The Trustee, in his abeyance motion, states that one of the issues he will raise in this appeal is "whether or not the United States Supreme Court decision in Law v. Siegel requires the bankruptcy court to allow a debtor's claimed exemptions regardless of intentional misconduct and bad faith, up to and including fraud. 134 S.Ct. 1188 (2014)." [15cv20 Doc. 3 at 2]. Further, the Trustee states that the Bankruptcy Administrator for this District has joined in a motion for new trial filed by the Chapter 7 Trustee in In re Tracy Layne Caillaud, No. 13-30835 (W.D. N.C. ), a case unrelated to the present matter but one which raises "the identical legal issue." [Id.]. In Caillaud, the Bankruptcy Court found that "[t]he facts strongly suggest that Caillaud attempted to mislead her creditors, the Trustee, and this bankruptcy court, convert estate property, and abuse the safe harbors of the bankruptcy system." Caillaud, No. 13-30835, Doc. 30 at 7. Further, the Bankruptcy Court directed the Clerk "to forward a copy of this order to the United States Attorney's Office for the Western District of North Carolina to weigh whether Caillauds's conduct warrants criminal charges." Id. at 8-9. The implication flowing from the Trustee's motion is that the Debtor in the present matter has engaged in some intentional misconduct, bad faith and potentially criminal activity, and that the Bankruptcy Court may be addressing such issues in a similar case, and based thereon the Trustee seeks for this appeal to be put on hold.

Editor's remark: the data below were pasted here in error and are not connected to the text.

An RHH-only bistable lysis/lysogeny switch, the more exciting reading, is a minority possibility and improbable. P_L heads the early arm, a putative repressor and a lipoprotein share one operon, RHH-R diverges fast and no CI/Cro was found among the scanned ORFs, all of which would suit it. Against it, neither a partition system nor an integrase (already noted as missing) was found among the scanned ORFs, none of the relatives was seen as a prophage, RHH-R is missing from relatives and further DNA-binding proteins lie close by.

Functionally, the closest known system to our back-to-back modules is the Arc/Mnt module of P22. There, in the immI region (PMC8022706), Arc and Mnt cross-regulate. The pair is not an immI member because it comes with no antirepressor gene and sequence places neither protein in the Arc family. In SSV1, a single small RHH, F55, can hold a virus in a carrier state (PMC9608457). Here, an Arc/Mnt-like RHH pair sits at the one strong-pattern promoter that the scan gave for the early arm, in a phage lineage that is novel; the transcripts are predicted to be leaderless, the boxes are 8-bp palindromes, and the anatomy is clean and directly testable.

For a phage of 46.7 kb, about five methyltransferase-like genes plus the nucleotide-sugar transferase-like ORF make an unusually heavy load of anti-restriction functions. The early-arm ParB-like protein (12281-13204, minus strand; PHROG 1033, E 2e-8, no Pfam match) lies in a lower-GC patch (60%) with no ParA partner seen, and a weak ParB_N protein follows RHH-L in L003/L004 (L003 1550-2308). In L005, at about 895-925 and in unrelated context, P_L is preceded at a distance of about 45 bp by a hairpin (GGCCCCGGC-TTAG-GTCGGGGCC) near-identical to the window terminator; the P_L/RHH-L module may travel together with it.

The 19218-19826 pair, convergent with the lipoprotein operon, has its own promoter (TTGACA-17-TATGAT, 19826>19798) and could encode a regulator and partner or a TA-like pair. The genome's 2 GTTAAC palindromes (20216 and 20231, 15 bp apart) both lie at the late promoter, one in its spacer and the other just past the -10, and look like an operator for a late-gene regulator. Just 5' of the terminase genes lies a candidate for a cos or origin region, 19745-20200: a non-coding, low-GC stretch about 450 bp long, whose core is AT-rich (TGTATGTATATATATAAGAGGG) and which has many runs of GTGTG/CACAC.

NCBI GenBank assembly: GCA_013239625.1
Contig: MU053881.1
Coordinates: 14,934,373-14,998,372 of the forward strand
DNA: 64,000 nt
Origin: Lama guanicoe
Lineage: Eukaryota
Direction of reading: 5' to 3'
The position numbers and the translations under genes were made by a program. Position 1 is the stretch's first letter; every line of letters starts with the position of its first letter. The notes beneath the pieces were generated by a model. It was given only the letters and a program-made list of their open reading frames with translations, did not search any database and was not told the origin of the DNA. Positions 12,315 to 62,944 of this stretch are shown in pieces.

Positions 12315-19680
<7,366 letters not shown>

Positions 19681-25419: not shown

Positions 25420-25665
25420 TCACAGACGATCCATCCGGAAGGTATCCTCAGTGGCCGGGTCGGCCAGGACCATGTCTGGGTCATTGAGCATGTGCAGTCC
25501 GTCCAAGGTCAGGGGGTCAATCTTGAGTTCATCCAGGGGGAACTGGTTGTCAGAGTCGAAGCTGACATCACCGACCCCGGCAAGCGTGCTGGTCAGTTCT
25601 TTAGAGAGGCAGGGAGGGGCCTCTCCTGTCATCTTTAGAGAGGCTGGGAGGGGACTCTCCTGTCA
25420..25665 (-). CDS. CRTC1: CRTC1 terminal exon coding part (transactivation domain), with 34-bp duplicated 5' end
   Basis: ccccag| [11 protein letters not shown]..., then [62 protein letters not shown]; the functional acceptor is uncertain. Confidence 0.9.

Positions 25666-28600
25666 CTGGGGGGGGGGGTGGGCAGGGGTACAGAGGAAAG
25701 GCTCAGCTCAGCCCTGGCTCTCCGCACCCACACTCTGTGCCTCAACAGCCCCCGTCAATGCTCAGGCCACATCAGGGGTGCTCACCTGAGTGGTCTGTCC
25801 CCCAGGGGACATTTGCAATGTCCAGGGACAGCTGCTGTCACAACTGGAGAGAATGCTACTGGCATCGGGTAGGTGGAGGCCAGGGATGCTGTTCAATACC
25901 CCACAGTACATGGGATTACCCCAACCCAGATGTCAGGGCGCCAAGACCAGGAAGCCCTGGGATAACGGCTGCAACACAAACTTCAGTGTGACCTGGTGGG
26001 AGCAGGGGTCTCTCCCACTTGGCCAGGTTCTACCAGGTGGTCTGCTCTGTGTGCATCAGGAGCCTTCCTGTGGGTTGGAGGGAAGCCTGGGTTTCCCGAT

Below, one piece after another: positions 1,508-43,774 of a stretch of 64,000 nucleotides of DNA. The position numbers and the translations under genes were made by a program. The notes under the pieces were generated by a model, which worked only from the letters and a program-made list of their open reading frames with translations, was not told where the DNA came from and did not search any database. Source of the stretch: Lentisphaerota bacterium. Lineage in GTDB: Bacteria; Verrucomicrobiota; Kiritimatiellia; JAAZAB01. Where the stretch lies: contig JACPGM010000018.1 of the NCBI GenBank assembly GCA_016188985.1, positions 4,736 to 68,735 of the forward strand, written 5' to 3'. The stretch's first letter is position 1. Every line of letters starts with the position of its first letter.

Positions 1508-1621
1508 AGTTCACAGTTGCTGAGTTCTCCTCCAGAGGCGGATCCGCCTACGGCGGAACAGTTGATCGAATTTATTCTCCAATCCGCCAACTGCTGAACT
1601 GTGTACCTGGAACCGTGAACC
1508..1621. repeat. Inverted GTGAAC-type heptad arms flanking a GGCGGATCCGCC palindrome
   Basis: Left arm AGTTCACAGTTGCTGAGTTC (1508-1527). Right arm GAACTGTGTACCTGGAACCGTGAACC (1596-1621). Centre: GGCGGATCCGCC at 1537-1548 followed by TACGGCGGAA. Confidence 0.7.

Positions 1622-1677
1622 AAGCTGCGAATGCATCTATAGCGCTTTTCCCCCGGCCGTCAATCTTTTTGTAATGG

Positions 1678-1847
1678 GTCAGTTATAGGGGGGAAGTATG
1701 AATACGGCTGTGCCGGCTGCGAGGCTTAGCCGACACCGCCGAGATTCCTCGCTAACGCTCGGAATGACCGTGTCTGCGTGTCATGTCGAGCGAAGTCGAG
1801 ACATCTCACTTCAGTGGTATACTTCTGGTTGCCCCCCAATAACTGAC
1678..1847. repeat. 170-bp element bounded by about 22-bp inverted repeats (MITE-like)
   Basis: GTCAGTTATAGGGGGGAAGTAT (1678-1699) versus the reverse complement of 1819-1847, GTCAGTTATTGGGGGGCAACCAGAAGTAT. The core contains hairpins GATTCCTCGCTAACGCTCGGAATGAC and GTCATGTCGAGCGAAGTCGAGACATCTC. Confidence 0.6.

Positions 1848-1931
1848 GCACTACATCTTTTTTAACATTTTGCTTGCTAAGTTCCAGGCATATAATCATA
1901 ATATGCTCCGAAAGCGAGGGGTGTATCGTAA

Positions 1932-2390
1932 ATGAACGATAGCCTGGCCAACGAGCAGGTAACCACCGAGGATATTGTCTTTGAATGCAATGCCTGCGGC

Even assuming that the Trustee's recommended procedure is sound - that this Court wait on the Bankruptcy Court's decision in an unrelated case - the Trustee's abeyance motion must nevertheless be denied. Nowhere does the Trustee cite to any evidence in the Bankruptcy Court record below, or any findings in any order entered by the Bankruptcy Court, that the Debtor has engaged in "intentional misconduct and bad faith, up to and including fraud." Without any such support in the record, the Trustee's claim that this matter contains "the identical legal issue" as that pending in Caillaud is without merit.


IT IS, THEREFORE, ORDERED that the Trustee's "Motion to Hold Appeal in Abeyance" [Doc. 3] is hereby DENIED.

IT IS FURTHER ORDERED that the Trustee shall file his brief on or before 14 days from the entry of this Order. The Debtor shall file her brief on or before 14 days from the filing of the Trustee's brief.